Indonesia's Jokowi slams richer nations for Covid-19 vaccine nationalism

Mr Joko Widodo set a target for the government to administer one million doses each day to reach herd immunity.
Mr Joko Widodo set a target for the government to administer one million doses each day to reach herd immunity.PHOTO: REUTERS

JAKARTA (BLOOMBERG) - Indonesian President Joko Widodo slammed richer nations for vaccine nationalism that is hampering the world's supply of Covid-19 vaccines and prolonging the global pandemic.

"We must give vaccine access to all countries," Mr Widodo, popularly known as Jokowi, said in an interview on Wednesday (April 7).

"Poor countries, developing countries, developed countries must be given equal treatment. If not, the pandemic will not end."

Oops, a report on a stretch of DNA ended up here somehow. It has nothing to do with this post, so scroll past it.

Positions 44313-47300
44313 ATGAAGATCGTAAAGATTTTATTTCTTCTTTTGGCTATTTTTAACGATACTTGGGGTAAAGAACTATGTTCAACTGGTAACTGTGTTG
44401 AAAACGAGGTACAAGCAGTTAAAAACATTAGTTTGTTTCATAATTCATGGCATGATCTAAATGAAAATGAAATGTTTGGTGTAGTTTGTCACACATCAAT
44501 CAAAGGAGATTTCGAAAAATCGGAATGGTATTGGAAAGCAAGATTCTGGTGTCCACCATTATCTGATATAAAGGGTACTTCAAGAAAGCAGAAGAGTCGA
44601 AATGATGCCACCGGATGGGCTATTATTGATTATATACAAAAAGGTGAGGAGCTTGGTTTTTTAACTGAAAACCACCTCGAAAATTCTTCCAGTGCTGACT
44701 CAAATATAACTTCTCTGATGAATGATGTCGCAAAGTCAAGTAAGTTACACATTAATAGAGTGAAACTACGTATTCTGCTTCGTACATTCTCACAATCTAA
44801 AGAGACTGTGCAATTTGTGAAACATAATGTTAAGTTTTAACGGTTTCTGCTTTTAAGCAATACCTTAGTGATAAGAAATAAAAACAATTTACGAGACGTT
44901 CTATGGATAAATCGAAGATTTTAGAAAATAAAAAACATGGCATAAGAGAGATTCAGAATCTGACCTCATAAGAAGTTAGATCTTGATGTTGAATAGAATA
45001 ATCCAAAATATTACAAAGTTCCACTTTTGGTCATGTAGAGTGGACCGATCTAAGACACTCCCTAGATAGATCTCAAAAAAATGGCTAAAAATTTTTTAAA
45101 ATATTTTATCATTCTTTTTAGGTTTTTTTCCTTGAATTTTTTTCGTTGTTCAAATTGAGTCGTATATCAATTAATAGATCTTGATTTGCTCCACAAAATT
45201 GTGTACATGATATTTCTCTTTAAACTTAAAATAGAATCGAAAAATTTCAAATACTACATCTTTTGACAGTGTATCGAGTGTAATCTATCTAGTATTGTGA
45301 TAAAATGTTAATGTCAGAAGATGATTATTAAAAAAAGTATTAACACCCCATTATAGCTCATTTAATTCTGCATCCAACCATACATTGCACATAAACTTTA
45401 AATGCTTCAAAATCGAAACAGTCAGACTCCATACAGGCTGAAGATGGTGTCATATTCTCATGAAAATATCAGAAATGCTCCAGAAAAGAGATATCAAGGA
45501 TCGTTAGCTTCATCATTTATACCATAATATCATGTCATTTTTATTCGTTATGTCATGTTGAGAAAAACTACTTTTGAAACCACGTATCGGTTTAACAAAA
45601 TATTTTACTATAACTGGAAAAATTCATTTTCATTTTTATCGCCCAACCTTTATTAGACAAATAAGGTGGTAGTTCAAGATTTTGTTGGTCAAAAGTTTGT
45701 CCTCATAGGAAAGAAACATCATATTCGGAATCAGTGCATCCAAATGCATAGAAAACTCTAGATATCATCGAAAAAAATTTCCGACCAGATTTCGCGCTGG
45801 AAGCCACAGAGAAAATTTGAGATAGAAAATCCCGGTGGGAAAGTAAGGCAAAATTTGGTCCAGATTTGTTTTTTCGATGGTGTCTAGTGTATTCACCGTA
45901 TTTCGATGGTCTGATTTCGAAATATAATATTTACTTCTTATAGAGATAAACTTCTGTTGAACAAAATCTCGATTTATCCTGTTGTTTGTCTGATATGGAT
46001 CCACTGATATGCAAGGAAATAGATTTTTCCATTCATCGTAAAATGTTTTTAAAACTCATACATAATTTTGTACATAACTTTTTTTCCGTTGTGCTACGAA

While nearly 700 million doses have been administered worldwide, the vast majority of them went to people in richer countries and vaccine-producing nations.

The European Union has sought to block shipments, while countries like the United States and Britain secured orders for more doses than their entire population needs.

Meanwhile, the World Health Organisation's Covax initiative to supply Covid-19 vaccines to developing countries has been held back by slow funding and moves by vaccine producers like India that sought to safeguard enough supplies for domestic use.

For Indonesia, which has given out around 13.5 million vaccine doses, vaccine nationalism means it has to slow down its programme, as it will receive only 20 million vaccine doses instead of the 30 million expected in March and April.

Earlier this year, Mr Widodo set a target for the government to administer one million doses each day to reach herd immunity for its 270 million population. That number reached as high as 780,000 a day in March, before easing to about 500,000 recently and likely less as supply dwindles in the months ahead before picking up in July.

"On the field, there is no issue, the problem is the supply," he said. "It is useless for a country to hoard vaccines. The coronavirus remains and infections will continue to spread."